Davis Together::Engage website launches survey
The City of Davis conducted an online survey on the website Davis Together::Engage, an online forum that focuses on improving communication between residents of the city to the city hall through easily accessible online forums.
During the month of February, the City of Davis posted an online survey and forum with focus on its Organics Program.
“The survey was only used to get an idea of how the community felt about the program, and some of the questions and concerns that the citizens had regarding the program,” said Jennifer Gilbert, City of Davis conservation coordinator in an email interview.
The program, a part of Davis’ effort to reach 75 percent waste diversion by 2020, includes the replacement of yard waste piles to 95-gallon containers for weekly pick-ups. According to the forum description, waste diversion can be done by reducing waste through recycling, reuse or composting. One of the major changes brought by this program is that the City will start collecting and composting organics, rather than sending them to the landfill.
“Currently yard waste is collected only in loose piles on the street. The proposed program would still have on-street yard waste piles, but would also include an organics cart for yard waste and food scraps, paper towels, paper plates and other compostable materials,” Winton said.
According to Winton, there were a few major topics that came to light in the forum. They included concerns of the space needed for the additional cart that entailed the question of sharing the can with neighbors. Some people were also concerned with odors and pests associated with the cart.Another major topic was on collection of Christmas trees, which the city explained, through a presentation posted in the city website, is a part of the waste yard pile and can be placed in organic carts though they residents may need to trim the trees or cut them in half first.
According to Gilbert, the program is currently in the design and planning stage. The survey and forum was one of the city’s effort to increase public discussion and involvement, and gather feedback. The city will continue to have such efforts in the next several months as they continue to further enhance the Organics Program’s details.
“The Organics Ordinance… provides the general framework for the proposed Organics Program while still allowing for public discussion and involvement to continue in order to solicit feedback and input on several technical details, including “Opt-Out,” “Share-a-Can” and variable rate options, free kitchen food scrap pails for customers and potential rebate programs for mulch mowers [and] chippers,” said Gilbert.
According to Stacey Winton, City of Davis Media and Communications Officer, 344 people participated in the survey. The demographics based on gender were 67 percent female and 33 percent male, and based on age group were 21 percent of 25-34 years old, 30 percent of 35-44 years old, 15 percent of 45-54 years old, 21 percent of 55-64, and 13 percent of over 65 years old. She adds that the City of Davis’s goal with this social media tool included widening the access to city discussions and gathering the opinion from various community groups on both major and minor planned changes in Davis, including the Organics Program.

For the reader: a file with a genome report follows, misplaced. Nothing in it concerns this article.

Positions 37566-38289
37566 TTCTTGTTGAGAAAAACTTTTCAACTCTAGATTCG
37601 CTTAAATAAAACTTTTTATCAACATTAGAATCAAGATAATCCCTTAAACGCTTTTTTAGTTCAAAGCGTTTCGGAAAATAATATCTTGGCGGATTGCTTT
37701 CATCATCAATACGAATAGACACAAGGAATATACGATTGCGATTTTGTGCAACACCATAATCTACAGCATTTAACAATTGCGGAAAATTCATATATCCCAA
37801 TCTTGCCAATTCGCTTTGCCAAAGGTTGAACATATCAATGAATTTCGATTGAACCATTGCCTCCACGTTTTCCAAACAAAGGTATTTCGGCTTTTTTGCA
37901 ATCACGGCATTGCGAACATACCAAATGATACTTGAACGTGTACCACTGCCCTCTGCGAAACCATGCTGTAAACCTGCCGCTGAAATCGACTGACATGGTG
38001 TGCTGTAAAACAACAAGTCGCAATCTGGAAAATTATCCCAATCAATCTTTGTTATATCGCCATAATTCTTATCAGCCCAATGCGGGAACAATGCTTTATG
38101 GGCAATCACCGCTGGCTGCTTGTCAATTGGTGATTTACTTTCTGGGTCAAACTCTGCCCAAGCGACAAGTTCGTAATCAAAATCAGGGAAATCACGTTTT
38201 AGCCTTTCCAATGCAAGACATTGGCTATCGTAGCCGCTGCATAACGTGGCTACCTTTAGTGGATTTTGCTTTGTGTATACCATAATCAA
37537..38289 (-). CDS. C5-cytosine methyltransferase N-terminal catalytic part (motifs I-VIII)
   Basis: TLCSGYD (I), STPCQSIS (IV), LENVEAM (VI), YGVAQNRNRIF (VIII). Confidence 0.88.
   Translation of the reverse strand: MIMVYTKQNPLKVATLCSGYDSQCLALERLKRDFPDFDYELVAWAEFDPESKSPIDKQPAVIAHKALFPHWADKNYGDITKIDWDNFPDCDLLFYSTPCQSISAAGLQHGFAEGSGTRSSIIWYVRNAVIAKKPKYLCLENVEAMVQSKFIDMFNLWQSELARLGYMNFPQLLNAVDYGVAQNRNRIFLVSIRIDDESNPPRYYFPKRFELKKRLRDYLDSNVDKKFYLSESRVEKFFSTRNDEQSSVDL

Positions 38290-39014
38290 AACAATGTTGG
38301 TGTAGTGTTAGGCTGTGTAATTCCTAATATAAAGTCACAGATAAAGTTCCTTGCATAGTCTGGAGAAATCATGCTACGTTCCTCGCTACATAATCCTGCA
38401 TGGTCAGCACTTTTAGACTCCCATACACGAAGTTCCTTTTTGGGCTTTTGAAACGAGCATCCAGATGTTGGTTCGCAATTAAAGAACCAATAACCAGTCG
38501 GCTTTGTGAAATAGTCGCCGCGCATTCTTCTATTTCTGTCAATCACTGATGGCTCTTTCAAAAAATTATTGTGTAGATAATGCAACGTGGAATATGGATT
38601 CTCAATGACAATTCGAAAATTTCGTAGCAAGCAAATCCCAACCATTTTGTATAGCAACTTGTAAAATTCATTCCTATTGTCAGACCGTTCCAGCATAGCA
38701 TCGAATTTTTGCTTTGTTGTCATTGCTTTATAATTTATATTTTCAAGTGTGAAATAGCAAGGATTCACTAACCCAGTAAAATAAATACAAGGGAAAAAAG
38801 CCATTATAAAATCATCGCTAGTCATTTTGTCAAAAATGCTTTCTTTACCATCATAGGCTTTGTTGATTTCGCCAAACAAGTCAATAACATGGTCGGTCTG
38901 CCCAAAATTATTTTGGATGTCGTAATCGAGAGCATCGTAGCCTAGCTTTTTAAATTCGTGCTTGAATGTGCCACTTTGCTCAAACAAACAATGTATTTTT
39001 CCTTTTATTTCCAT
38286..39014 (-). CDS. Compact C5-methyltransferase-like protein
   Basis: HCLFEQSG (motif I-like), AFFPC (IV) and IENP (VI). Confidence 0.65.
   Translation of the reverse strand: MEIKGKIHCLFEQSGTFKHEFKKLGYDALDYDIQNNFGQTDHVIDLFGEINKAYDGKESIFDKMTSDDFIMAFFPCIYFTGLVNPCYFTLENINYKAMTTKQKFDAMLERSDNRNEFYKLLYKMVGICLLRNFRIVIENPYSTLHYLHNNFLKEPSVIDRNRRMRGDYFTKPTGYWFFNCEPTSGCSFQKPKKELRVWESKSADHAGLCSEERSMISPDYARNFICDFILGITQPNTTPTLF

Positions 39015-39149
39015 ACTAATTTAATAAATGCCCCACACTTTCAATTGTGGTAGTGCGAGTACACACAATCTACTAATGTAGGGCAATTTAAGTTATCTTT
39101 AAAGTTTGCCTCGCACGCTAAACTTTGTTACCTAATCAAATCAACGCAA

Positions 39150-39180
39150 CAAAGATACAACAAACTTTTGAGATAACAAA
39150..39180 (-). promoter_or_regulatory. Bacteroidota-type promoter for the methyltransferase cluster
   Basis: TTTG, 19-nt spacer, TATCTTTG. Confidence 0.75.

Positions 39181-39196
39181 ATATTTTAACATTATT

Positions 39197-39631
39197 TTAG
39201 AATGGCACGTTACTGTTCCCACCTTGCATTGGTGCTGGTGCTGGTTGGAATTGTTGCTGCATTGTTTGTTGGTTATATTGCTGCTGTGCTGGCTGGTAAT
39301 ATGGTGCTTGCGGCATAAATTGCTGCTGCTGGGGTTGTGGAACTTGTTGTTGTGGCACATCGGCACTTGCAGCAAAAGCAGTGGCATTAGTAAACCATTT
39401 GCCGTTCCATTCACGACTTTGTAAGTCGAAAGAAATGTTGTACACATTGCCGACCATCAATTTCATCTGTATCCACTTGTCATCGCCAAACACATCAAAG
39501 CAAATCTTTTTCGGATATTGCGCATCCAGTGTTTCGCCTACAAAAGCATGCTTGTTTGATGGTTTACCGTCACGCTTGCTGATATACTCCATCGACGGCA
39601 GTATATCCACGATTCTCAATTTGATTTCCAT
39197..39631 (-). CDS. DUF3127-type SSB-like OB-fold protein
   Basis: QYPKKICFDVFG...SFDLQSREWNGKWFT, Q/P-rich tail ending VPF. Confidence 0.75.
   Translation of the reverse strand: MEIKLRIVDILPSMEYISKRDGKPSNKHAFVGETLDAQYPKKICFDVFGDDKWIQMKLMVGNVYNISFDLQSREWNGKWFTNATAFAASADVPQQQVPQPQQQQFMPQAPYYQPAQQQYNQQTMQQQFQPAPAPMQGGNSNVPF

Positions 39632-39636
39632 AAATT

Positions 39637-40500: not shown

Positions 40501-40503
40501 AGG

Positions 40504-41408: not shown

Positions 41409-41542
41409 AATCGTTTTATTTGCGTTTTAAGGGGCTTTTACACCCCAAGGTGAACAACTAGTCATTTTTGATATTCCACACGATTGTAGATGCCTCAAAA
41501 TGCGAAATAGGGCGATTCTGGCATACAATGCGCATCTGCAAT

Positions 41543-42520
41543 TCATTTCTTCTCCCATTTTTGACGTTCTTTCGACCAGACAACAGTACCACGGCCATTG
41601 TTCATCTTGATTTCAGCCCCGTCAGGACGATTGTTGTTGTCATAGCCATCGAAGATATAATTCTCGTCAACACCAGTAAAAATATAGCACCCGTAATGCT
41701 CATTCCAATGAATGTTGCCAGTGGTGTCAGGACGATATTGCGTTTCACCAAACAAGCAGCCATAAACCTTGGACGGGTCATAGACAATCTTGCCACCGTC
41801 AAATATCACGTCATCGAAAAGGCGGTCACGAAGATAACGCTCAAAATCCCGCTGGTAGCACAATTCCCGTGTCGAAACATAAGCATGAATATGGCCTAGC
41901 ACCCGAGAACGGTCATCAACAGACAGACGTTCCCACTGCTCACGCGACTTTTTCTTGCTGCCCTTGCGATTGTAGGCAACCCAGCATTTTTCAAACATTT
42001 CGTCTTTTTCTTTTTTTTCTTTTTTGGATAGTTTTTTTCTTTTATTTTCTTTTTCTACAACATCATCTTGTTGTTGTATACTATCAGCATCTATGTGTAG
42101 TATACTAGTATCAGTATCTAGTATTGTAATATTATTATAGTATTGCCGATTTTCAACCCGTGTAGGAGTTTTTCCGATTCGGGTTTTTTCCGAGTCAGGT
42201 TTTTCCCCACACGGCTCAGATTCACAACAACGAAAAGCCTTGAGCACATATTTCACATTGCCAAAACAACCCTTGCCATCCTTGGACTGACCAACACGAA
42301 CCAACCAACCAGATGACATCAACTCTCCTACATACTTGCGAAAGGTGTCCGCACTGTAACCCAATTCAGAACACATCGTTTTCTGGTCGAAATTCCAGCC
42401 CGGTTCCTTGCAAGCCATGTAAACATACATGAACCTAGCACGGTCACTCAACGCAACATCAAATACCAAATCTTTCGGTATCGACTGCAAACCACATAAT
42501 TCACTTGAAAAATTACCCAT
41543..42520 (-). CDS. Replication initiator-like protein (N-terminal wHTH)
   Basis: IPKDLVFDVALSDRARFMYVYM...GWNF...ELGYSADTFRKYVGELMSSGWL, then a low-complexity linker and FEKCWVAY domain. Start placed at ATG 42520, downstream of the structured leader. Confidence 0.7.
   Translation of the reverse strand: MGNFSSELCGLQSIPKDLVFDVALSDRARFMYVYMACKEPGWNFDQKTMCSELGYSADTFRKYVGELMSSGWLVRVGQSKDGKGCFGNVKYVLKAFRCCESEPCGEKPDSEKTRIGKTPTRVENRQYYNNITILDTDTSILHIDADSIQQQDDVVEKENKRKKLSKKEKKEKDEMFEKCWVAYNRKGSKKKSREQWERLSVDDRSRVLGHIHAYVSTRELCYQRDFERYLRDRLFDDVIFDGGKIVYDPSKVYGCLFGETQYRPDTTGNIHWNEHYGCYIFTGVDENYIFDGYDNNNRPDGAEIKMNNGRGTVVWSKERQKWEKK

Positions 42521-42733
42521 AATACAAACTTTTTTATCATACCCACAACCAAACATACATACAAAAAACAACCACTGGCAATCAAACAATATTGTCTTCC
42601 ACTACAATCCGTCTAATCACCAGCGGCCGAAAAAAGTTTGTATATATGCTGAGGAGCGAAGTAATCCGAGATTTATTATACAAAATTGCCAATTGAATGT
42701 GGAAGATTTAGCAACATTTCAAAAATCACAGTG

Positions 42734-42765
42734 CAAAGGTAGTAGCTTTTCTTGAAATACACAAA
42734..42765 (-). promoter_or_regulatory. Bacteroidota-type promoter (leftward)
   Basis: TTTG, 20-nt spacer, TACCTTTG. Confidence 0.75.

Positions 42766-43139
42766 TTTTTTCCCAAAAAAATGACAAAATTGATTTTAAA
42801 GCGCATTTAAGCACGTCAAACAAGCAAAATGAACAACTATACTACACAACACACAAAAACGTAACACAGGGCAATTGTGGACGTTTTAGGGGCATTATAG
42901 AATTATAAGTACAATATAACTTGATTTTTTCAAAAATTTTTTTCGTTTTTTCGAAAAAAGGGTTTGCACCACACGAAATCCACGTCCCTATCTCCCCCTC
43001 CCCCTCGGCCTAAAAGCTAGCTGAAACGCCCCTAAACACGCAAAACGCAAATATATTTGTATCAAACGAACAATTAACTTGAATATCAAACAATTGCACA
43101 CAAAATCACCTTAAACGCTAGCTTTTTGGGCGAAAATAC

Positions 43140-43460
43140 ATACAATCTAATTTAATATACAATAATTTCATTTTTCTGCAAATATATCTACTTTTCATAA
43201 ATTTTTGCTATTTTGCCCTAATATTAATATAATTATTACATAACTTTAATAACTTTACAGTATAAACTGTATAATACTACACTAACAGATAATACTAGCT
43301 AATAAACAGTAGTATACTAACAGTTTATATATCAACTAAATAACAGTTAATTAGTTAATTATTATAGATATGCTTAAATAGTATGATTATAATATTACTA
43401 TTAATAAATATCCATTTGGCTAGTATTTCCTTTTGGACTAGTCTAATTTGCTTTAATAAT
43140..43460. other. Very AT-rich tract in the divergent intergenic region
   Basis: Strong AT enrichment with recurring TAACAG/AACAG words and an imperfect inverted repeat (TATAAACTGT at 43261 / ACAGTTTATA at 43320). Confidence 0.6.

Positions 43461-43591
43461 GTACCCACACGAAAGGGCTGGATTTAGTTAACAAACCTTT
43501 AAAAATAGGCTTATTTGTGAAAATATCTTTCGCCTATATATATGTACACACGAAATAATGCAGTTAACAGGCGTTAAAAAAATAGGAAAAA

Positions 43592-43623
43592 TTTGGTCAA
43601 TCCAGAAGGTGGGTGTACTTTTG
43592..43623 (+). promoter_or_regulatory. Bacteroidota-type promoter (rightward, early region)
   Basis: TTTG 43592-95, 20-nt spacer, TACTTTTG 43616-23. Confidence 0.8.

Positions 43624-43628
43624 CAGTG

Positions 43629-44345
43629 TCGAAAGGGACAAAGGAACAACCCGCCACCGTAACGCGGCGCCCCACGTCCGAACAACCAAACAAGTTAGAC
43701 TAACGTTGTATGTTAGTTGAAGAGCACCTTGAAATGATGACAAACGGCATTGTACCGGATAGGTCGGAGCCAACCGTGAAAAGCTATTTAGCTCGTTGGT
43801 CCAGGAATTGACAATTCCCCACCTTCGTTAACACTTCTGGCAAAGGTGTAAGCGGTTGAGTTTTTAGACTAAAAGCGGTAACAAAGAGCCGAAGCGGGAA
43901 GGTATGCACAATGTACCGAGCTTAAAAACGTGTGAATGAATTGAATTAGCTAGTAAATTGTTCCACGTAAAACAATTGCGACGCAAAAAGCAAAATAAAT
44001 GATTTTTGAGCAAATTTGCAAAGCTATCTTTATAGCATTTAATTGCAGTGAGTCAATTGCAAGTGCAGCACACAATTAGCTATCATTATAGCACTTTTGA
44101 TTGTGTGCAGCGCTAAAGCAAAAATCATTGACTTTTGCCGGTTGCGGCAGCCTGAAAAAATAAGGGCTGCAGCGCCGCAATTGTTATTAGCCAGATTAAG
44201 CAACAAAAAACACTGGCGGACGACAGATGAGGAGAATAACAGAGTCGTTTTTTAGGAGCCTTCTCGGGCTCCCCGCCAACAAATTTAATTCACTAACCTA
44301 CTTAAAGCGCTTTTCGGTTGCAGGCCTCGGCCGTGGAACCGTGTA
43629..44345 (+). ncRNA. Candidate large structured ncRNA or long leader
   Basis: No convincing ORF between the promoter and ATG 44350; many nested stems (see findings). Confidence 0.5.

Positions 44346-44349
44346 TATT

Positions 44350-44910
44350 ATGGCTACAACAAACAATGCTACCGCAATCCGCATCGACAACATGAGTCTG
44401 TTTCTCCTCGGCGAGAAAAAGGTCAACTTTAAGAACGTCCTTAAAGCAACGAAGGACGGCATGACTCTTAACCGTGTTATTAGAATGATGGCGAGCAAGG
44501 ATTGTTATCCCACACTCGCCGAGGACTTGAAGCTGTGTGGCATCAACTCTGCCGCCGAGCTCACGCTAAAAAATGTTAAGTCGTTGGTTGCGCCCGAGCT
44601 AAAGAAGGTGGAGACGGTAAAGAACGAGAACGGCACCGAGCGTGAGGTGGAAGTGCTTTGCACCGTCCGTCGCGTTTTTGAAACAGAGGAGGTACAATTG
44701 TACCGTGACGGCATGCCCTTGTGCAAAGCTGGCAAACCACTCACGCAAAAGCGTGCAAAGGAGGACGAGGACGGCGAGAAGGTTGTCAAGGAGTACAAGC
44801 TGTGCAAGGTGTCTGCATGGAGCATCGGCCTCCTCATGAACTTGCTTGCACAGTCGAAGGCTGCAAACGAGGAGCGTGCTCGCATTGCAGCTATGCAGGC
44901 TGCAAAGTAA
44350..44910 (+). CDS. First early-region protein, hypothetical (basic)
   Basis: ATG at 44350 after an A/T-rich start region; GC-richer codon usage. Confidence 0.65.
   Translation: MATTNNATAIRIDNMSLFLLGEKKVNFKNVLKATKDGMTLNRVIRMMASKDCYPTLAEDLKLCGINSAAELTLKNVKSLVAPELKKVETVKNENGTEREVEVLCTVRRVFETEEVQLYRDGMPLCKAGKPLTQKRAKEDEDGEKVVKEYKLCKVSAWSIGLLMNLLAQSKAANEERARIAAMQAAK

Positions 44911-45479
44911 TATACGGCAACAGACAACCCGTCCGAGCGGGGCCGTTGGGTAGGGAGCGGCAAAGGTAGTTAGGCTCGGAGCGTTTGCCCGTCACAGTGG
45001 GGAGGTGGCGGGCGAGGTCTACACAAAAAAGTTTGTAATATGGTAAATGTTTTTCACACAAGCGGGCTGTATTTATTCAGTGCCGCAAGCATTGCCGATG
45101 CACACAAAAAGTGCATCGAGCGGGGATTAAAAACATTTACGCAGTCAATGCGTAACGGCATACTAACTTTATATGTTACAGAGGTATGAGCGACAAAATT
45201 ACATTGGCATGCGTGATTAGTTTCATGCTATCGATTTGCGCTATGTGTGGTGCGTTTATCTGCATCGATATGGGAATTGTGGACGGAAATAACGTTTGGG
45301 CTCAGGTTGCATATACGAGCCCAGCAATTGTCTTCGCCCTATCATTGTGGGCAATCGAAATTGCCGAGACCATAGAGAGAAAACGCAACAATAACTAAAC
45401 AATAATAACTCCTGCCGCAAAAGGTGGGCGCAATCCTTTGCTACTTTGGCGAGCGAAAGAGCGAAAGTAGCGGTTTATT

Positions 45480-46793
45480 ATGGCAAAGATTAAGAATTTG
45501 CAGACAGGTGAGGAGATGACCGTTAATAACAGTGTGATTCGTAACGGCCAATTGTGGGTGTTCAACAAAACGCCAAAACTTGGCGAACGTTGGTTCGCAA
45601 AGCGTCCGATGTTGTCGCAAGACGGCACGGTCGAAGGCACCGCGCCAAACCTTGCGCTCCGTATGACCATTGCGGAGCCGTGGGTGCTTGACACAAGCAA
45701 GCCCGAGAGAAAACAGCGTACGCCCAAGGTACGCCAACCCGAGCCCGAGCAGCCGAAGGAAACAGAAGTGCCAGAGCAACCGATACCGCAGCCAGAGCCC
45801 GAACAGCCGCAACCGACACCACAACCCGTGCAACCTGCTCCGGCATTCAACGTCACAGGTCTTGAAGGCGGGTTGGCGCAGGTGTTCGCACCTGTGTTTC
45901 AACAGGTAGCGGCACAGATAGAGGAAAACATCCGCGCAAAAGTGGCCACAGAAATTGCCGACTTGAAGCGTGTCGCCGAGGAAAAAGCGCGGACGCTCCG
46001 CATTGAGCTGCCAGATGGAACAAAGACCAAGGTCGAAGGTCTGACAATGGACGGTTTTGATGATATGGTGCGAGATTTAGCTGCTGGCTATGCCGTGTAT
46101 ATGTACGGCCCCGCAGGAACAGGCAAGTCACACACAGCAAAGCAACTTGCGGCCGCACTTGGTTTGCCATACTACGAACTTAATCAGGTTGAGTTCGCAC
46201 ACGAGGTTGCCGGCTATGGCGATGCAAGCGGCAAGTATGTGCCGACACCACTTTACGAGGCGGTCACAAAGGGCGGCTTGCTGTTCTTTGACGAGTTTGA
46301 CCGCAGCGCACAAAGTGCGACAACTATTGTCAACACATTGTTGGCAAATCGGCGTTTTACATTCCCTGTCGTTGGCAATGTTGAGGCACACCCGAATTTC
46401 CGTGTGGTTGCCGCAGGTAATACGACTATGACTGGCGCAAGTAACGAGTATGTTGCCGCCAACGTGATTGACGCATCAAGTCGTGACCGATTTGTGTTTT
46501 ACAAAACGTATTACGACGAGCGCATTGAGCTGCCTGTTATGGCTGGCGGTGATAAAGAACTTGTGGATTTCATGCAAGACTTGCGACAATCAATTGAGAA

“It is going to be a major change in the way that yard waste will be collected citywide. We wanted a broader perspective of all residents, whether they live in a house, or apartment, knowing what kind of issues they may see with this change,” said Winton.
According to Jessica Seigel, Unit Director of UC Davis’ Project Compost, many Davis residents have contacted their organization because of their interest in composting their food waste. The organization is interested in cooperating with the city of Davis to better inform the residents on composting and waste separation, as well as continue to promote composting in the university.
“We are constantly getting emails from people in the community and people who were living in apartments who wants to compost….There are so many people that really want to not throw away their food scraps, they know that there’s a better use for that waste than sending it to the landfill. [The program] is [going to] allow many people to divert their food waste from the landfill,” Seigel said.
The results of the survey will be included in the program’s proposal that is scheduled to be reviewed by the City Council on April 7. According to Gilbert, the city will also have upcoming community meetings to listen to the residents’ input and answer questions on the program, which will be held on Tues., April 7 at 10:30 a.m. in the Davis Senior Center Valente Room, at 646 A Street and Thurs., April 16 at 6:30 p.m. at the Stonegate Country Club Main Room at 919 Lake Boulevard.
Graphic by Jennifer Wu.
In the April 2 article “Online survey displays public support for Davis’ organics program,” it was reported that Christmas trees cannot be placed in organics carts. Christmas trees can be placed in the organics cart, however they might need to be trimmed or cut in half first.